Some sufferers of this sleep disorder choose holistic, or alternative, treatment. This method involves the use of herbal supplements which are not usually FDA approved. Others seek acupuncture as a way to relieve their insomnia. Passive body heating, which is the use of hot baths, is another method used.

Understanding this sleep disorder is the first step to breaking the cycle of insomnia.

A Sleep Disorder That Affects the Legs – Restless Sleep

A Sleep Disorder That Affects the Legs – Restless Sleep Syndrome

Restless leg syndrome, known as RLS, is a sleep disorder that afflicts more than 15 percent of adults.
It affects more women than men and the incidence of restless leg syndrome increases with age. Certain medical conditions, such as diabetes, arthritis and varicose veins, also increase the risk of developing restless leg syndrome.

This sleep disorder is characterized by an uncontrollable urge to move the lower legs, knees and occasionally the arms. Sometimes painful sensations accompany the urge to move. People that suffer from this sleep disorder describe the feelings and sensations in different ways. Many describe a tingling, itching or pulling sensation. Still others say it feels prickly or burns. Some feel as if they have worms crawling under their skin.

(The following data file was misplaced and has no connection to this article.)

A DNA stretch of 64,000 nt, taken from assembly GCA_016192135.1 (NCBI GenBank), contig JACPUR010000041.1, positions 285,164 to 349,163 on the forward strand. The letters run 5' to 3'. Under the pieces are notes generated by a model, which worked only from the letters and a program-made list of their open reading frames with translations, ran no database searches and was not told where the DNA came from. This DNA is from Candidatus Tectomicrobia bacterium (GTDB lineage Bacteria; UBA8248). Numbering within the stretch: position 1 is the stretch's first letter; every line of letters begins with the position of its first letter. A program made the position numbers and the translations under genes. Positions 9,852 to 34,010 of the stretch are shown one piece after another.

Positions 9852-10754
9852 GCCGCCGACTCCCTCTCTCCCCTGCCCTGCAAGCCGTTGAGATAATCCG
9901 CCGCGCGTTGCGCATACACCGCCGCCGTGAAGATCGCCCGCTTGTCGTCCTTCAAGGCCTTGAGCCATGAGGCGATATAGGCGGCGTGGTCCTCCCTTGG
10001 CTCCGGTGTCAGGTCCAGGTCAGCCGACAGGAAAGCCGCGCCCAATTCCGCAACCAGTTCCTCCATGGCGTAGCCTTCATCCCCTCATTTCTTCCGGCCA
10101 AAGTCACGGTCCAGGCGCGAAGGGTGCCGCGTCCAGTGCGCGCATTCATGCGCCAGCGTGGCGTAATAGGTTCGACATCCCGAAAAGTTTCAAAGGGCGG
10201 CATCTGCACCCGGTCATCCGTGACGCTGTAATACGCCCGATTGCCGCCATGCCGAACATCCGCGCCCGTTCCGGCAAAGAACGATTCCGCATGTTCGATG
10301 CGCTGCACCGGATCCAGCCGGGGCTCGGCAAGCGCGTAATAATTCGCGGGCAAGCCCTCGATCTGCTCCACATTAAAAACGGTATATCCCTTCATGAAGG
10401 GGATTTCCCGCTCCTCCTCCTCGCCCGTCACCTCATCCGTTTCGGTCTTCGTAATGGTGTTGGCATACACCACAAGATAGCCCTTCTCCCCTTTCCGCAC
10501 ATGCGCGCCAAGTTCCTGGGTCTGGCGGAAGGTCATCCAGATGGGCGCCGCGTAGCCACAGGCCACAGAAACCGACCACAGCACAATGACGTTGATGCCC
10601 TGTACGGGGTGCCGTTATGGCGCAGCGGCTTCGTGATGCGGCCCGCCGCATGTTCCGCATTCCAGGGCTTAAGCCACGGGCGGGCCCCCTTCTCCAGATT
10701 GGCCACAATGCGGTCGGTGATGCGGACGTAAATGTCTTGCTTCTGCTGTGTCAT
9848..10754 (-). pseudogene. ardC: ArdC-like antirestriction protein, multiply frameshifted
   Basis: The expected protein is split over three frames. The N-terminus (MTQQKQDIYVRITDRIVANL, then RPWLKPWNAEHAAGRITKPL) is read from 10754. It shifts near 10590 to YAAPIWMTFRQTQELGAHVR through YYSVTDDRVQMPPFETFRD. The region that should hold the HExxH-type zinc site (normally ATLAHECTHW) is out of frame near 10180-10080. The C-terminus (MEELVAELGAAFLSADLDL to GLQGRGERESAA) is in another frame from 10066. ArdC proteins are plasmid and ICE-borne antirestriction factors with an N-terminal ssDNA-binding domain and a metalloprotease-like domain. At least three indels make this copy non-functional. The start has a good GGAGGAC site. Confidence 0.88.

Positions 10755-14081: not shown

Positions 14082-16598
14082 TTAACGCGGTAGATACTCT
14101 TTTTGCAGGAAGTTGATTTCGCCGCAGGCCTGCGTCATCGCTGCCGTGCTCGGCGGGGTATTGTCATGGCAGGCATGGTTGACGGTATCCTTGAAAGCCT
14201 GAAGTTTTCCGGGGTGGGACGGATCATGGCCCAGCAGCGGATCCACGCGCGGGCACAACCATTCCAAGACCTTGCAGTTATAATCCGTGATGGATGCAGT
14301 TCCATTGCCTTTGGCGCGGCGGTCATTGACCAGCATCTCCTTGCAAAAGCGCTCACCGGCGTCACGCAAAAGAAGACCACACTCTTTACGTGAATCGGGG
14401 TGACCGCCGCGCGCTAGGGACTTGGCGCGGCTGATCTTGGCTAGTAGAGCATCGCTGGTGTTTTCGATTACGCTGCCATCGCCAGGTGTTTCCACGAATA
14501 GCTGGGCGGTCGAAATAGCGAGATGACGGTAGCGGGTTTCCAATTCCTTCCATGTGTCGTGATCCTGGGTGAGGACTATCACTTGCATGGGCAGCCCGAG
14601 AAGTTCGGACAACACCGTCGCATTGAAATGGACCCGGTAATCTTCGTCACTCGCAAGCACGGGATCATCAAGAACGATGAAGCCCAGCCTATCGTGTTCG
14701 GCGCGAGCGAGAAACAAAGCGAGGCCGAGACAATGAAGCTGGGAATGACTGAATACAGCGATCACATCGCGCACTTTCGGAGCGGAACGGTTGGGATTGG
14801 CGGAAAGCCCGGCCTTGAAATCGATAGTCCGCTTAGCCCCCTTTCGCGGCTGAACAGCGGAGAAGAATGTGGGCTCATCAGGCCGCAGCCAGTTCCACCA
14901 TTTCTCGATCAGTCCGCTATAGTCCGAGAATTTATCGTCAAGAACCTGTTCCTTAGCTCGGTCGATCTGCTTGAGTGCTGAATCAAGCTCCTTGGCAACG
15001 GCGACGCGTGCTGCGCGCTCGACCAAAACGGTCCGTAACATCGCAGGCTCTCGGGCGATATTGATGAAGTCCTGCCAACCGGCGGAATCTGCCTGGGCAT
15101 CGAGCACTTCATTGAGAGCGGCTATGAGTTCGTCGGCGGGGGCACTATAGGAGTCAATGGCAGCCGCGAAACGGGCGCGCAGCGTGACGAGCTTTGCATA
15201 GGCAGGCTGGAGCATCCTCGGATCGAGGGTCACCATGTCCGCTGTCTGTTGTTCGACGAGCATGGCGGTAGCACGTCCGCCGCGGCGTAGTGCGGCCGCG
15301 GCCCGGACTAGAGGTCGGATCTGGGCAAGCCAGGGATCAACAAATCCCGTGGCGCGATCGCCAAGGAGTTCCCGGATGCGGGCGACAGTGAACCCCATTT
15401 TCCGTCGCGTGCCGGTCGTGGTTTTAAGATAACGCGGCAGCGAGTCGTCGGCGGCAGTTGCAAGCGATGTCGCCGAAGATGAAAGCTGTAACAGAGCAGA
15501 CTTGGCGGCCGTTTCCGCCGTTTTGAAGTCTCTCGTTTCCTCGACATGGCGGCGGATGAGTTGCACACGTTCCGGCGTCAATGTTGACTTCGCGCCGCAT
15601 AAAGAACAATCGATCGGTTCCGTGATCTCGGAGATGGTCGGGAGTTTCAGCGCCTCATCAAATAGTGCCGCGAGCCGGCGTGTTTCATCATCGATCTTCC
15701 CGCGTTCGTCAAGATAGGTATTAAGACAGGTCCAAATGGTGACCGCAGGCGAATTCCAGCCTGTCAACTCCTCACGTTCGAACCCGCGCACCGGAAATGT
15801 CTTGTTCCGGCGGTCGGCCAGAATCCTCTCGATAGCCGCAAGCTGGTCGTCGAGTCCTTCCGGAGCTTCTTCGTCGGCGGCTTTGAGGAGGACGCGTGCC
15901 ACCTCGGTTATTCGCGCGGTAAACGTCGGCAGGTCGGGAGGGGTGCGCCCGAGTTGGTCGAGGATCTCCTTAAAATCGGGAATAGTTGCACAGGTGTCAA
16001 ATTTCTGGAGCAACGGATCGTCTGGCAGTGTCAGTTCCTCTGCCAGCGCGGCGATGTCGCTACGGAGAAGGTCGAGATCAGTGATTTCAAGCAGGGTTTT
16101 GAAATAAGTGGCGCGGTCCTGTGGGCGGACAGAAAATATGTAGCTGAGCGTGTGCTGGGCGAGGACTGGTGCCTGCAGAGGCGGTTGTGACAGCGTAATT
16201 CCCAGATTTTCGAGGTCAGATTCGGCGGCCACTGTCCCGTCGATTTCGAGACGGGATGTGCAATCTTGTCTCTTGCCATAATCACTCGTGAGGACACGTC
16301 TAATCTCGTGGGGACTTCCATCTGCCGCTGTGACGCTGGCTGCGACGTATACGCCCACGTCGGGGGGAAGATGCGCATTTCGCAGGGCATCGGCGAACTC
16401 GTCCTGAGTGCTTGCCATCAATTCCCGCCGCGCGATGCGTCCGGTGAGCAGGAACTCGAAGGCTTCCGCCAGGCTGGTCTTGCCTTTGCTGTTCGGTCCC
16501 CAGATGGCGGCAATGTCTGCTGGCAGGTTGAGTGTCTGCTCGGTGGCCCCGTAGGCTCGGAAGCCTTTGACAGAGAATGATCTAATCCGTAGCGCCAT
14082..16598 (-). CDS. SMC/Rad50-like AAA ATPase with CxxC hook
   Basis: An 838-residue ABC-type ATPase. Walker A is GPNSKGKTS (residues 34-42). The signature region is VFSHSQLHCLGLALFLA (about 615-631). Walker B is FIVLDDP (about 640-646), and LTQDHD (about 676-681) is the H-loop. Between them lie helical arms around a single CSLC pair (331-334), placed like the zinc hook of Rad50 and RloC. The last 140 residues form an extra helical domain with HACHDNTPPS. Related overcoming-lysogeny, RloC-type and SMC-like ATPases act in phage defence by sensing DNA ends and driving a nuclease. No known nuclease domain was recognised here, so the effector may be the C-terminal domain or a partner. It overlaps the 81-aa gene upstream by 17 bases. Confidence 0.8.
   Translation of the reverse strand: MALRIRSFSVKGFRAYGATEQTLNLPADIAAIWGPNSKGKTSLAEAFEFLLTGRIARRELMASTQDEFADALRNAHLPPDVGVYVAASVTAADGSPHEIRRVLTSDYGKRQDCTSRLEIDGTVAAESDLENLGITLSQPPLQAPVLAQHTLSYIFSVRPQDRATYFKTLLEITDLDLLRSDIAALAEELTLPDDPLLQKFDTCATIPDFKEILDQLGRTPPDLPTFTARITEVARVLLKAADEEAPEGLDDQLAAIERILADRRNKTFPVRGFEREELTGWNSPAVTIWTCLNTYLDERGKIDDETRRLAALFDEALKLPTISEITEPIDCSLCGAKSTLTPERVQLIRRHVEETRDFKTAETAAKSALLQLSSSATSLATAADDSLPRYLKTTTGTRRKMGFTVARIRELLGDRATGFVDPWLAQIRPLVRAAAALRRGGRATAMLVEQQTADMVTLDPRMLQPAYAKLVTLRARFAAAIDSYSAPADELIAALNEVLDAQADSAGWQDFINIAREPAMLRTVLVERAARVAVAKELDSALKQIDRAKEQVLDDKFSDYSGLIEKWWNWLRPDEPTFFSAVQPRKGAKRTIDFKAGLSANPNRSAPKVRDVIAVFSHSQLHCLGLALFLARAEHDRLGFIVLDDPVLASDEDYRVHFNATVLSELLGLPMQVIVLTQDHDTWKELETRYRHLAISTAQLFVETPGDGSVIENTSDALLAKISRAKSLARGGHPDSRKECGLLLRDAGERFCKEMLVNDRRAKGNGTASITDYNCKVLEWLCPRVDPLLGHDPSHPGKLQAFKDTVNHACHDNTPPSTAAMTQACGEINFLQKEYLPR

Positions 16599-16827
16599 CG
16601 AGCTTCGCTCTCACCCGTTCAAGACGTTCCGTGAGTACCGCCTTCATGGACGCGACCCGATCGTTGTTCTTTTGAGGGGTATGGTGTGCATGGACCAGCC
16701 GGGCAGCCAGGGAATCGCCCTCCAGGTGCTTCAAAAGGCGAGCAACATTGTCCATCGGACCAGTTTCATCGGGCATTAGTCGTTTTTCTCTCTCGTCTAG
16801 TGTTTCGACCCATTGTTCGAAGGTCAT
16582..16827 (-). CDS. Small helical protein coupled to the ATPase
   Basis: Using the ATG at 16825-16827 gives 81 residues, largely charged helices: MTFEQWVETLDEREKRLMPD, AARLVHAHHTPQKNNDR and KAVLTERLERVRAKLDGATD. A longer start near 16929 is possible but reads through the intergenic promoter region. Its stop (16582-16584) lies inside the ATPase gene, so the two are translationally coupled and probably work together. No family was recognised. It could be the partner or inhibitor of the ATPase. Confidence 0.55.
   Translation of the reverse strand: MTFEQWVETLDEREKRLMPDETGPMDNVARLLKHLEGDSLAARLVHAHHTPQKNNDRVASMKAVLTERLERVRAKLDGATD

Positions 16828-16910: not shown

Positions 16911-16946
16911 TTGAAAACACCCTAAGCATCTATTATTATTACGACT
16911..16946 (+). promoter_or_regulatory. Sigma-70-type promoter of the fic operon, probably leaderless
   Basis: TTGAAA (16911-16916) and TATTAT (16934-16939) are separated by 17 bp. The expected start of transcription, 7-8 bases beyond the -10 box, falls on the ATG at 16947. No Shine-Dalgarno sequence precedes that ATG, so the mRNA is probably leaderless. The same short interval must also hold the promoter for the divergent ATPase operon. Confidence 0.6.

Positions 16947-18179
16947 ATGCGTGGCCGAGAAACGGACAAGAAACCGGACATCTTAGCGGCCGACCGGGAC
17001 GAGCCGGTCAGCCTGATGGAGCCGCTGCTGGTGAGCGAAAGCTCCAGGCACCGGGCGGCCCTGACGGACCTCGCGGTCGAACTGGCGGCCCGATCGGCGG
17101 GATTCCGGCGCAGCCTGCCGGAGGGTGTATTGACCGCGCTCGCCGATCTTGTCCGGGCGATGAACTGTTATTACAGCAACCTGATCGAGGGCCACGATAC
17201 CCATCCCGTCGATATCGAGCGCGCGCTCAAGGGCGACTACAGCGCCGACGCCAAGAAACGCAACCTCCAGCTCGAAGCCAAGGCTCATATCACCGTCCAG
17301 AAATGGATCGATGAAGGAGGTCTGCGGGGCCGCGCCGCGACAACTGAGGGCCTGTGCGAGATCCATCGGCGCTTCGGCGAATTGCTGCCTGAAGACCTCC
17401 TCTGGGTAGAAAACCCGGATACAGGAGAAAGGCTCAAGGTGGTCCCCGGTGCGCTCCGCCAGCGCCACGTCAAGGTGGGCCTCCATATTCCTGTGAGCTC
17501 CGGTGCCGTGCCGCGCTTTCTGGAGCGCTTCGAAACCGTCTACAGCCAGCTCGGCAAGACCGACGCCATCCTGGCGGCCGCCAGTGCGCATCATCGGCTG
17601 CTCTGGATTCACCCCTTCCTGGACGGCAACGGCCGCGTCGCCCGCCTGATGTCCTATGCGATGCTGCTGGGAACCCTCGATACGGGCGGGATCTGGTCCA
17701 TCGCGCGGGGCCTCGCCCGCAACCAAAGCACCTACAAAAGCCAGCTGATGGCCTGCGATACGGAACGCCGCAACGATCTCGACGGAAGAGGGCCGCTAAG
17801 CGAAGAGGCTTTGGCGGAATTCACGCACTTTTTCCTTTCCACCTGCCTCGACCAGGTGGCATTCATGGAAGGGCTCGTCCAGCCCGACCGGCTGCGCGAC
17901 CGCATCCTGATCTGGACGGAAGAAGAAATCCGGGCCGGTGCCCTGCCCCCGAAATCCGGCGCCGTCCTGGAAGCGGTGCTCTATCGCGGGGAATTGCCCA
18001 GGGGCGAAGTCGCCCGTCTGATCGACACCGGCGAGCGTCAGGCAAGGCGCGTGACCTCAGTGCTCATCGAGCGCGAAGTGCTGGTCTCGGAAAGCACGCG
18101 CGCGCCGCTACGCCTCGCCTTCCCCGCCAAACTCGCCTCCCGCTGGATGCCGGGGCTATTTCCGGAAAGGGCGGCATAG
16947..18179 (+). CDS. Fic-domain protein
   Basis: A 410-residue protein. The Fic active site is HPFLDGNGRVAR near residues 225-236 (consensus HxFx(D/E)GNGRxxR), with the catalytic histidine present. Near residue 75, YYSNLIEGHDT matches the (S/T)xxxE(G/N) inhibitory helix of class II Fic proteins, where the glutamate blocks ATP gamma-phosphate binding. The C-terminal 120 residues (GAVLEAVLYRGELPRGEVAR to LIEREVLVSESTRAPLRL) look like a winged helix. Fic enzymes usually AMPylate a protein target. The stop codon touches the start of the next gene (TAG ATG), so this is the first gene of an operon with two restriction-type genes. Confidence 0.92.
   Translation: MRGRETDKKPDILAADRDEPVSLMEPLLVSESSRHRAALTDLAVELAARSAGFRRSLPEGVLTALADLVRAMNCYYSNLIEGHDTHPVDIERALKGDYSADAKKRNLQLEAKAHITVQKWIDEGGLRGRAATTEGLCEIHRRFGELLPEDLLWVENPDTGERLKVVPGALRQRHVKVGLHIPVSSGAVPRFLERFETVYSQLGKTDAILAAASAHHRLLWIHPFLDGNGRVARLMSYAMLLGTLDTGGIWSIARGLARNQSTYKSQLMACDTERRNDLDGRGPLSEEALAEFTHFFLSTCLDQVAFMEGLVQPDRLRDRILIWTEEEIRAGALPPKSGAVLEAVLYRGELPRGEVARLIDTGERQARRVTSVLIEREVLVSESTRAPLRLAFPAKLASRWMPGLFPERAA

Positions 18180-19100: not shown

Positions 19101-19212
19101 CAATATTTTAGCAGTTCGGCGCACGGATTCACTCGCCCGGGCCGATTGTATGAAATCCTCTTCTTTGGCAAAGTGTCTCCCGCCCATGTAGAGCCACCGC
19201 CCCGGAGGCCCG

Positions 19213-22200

The sensations which are typical of this sleep disorder can occur anytime during the day or night.
Restless leg syndrome occurring at night has a devastating effect on sleep. The symptoms can cause the sufferer to get in and out of bed repeatedly which can delay or disrupt sleep. Since sleep in repeatedly interrupted, extreme daytime sleepiness is common.

The combination of always feeling tired and the symptoms themselves can cause a person with restless leg syndrome to alter their lifestyle. Long trips, movies, concerts and eating in restaurants are some of the activities they usually avoid. Attending a long meeting at work can become very painful and uncomfortable. People that have this sleep disorder often suffer from depression.

Researchers believe that restless leg syndrome may be caused by malfunctions of the pathways in the brain that controls movement reflexes and sensations. Often this sleep disorder has a genetic base.

Restless leg syndrome cannot be diagnosed by one single test. Often standard neurological examinations show no signs of an abnormality. In many cases, a doctor makes the diagnosis of restless leg syndrome based on the description of the symptoms. They also take into account family history, and the results of a routine medical examination and blood tests.